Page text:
Trends in the Greetings Card Industry
Every Valentine’s Day, around 144 million greetings cards are sent to loved ones – just a small proportion of the seven billion greetings cards that are purchased in the USA each year.
The greetings cards industry continues to thrive in our digital age. While it might be thought that digitalisation and the development of e-cards might be a threat to the traditional greetings card industry, American households continue to send an average of 30 printed paper greetings cards to loved ones each year.
It’s a similar picture elsewhere: the latest GCA Market Report shows that in 2017 the UK public spent £1.7 billion on greeting cards. The total USA market is believed to be around $7.5 billion.
In fact, digitalisation is reinvigorating the greetings cards industry.
Online greeting cards are a growing segment of the overall industry. In 2016, online platforms that sell personalised printed greeting cards generated $393 million in revenues – creating a new industry segment that employs more than 1,000 people in the UK alone.
For entrepreneurs who were quick to spot the potential for innovation that digital print could bring to the greetings card industry, the rewards have been large. The first digital card printing company in the UK, Moonpig, was founded in 1998 on a shoestring budget. It sold in 2011 to online retailer Photobox £120 million.
Since 2013, the online segment of the industry has been growing at an average rate of 6.2 percent each year.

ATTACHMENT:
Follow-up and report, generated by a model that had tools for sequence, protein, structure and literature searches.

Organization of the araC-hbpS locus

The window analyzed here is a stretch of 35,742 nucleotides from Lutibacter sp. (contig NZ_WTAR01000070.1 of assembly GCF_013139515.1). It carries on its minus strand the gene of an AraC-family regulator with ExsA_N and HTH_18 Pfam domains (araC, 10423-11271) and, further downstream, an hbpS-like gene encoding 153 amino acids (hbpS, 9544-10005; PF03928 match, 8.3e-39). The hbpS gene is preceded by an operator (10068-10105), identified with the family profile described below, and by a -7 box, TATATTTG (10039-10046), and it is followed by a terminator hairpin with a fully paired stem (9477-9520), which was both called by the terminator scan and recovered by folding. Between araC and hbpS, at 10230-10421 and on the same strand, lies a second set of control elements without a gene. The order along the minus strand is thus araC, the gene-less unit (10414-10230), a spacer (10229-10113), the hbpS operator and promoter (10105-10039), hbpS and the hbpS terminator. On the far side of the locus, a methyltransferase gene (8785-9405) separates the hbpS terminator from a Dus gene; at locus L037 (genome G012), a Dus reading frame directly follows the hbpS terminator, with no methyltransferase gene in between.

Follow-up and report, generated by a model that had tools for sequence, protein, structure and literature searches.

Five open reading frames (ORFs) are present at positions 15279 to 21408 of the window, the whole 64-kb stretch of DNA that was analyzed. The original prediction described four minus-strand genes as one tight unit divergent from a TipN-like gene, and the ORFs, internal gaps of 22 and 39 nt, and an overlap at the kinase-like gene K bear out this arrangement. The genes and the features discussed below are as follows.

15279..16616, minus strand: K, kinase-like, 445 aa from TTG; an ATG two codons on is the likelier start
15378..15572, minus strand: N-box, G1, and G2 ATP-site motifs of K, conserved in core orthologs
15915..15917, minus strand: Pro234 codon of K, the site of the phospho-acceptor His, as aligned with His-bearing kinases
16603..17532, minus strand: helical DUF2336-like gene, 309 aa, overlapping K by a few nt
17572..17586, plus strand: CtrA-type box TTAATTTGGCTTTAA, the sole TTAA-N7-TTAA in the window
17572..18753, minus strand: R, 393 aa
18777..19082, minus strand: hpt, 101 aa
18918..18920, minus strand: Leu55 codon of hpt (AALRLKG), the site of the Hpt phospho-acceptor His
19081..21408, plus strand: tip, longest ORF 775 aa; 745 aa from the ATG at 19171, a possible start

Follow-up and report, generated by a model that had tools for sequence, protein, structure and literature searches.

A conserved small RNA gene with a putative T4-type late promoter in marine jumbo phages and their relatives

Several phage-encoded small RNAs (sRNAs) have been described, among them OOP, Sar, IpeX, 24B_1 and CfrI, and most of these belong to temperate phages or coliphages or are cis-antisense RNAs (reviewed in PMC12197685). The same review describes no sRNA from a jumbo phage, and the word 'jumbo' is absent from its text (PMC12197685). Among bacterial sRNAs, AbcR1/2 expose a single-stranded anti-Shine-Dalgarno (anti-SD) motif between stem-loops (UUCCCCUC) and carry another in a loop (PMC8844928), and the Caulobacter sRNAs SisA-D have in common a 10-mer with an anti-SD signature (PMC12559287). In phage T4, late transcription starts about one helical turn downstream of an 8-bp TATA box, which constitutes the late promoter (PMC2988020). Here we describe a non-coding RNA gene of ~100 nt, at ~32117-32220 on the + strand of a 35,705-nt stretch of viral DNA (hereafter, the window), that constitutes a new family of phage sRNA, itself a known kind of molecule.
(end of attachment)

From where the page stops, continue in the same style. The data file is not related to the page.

Digitalisation isn’t only transforming the industry in terms of the possibilities for personalisation either. It is opening up new possibilities for creativity.
Digital printers offer a platform for designers, artists and small start-ups to print small runs of cards at a low cost – thereby creating a low-risk production model and making it more viable to sell arts cards direct to the consumer.
Rather than being dominated by one or two large conglomerates, through which artists had to sell their designs, the industry is now wide open to smaller and niche producers, such as Banter cards and Text From A Friend in the UK.
The digital print company Moo has also helped to redefine this marketplace; using its marketing communications to promote the work of artists who use its printing services. This strategy rewards its customers while showcasing the quality of its products.
Far from posing a threat to the printed greetings card industry, digitalisation is reinvigorating the sector with new possibilities, new entrants and new creativity.